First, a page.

You are correct, but most projections have them lower going forward.

So much this. It would change the trajectory of many Americans. Heck, I would love for there to be local classes for adults as refreshers.
I have been working for ~9 years now in a very quantitative capacity.

Not once has anybody ever asked me to find the length of a side of a triangle with the Pythagorean theorem and/or how to balance a checkbook.

I have told this story before but your penny wise pound foolish story of the day...

My wife's step-grandfather died last year, and my father-in-law and I took over the daily management her grandmother's finances and estate. While the deceased was not adverse to credit cards, he had a meticulous habit of requesting a receipt for every transaction with one, stored them carefully, and compared them with paper statements coming in the mail every month. He was convinced that the credit card companies were going to "screw him" unless he kept this up forever. And he did, every month, like clockwork.

He basically believed in a modified version of the plan from Office Space. Nobody checks their statements, so the credit card companies can add a cent or two to the transactions covertly and, at scale across thousands of customers, then pocket the millions. I asked him how many incorrect transactions he ever found... it was zero... but he was still going to do it, come hell or high water, and he did until the month he died.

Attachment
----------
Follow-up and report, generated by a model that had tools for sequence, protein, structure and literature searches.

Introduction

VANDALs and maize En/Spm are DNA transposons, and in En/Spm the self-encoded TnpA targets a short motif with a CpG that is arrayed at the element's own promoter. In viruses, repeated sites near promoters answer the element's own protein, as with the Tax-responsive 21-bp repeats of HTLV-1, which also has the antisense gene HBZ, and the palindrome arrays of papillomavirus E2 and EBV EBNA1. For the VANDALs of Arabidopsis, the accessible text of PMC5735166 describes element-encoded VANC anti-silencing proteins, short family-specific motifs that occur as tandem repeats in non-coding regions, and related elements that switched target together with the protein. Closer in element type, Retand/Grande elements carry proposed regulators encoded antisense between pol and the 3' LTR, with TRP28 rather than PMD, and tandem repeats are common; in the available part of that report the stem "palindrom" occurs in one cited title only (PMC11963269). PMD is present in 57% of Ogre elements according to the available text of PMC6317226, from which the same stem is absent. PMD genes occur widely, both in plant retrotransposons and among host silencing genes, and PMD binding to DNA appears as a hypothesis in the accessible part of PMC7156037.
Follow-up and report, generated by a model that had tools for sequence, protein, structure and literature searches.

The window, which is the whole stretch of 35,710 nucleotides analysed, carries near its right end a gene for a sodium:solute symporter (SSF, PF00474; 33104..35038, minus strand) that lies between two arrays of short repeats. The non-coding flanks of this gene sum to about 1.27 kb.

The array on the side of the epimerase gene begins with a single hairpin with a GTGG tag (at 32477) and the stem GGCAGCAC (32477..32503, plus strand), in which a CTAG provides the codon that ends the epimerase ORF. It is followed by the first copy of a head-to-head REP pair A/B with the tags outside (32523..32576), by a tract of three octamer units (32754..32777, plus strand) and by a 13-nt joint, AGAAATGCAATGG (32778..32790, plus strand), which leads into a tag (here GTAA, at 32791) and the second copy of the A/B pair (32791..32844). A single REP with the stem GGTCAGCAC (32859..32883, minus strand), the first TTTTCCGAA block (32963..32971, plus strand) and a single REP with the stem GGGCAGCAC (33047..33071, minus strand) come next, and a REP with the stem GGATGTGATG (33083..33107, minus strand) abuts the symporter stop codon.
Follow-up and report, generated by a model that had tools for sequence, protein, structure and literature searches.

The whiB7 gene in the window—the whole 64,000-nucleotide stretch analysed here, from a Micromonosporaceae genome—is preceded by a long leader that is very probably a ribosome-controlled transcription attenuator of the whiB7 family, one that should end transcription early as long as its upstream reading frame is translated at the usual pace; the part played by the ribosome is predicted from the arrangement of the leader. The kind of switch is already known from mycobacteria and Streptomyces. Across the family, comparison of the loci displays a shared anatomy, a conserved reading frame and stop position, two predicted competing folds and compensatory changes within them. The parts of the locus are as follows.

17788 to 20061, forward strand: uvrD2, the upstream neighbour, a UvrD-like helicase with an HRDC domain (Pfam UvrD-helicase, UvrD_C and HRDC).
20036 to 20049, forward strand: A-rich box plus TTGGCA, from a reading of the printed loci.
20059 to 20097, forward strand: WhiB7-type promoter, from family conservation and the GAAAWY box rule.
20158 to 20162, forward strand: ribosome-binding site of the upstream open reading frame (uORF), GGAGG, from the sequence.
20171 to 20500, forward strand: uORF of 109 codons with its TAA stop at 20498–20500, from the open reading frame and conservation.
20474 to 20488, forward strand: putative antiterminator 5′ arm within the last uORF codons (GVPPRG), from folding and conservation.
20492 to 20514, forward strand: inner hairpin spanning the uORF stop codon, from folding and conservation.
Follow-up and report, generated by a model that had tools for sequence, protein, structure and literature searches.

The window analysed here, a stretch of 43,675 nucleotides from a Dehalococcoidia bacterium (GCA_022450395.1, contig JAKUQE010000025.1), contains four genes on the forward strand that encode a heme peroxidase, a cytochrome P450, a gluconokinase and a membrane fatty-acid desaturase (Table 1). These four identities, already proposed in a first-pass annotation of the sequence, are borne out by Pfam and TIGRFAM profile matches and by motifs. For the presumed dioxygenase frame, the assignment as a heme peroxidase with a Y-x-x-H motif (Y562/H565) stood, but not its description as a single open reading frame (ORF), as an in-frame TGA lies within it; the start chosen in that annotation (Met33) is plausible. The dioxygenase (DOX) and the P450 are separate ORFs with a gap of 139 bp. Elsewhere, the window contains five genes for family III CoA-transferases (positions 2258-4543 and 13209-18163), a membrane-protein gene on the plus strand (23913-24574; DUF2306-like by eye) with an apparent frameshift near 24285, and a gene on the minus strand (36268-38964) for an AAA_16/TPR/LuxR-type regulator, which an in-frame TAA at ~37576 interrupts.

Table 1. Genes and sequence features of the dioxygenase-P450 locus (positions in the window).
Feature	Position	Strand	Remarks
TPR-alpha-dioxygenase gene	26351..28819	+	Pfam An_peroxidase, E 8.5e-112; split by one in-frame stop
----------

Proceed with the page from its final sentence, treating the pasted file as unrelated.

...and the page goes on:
Then when my FIL and I started looking over their finances, they had $600,000 sitting in a checking account earning practically zero interest -- no return on that!

I almost choked at the hundreds of thousands of investment returns (or more) that could have been if kept in equity markets or a productive investment (e.g., buying a rental property and renting it out) for the past 20 years. Me and him have still not told the rest of the family about that level of financial foolishness. It cost them all a lot.

He and my wife's grandmother were successful people -- the account balance alone proves that. But that did not mean they knew a thing about personal finance.

We still get frantic calls and texts from her that we need to "SELL EVERYTHING! I TOLD YOU PUTTING MY MONEY IN THE MARKET WAS A BAD IDEA! I WILL BE HOMELESS!" every time the ticker on Fox News shows the S&P having a moderately bad day.
 
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skibumspe

Active Member
Oct 8, 2006
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South Korea
So much this. It would change the trajectory of many Americans. Heck, I would love for there to be local classes for adults as refreshers.
Absolutely agree....your adult refresher classes should definitely be in there, too, possible stipulation of any divorce.
 

skibumspe

Active Member
Oct 8, 2006
305
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South Korea
Getting off the finance topic, but I saw a fascinating thing on a recent season of This Old House. There is a college in Charleston, SC called the "American College of the Building Arts." Students there get a liberal arts degree, but they also learn a trade at the same time such as: timber framing, blacksmithing, or fine carpentry. Many of them go on to work in the historic restoration industry in Charleston and the surrounding region.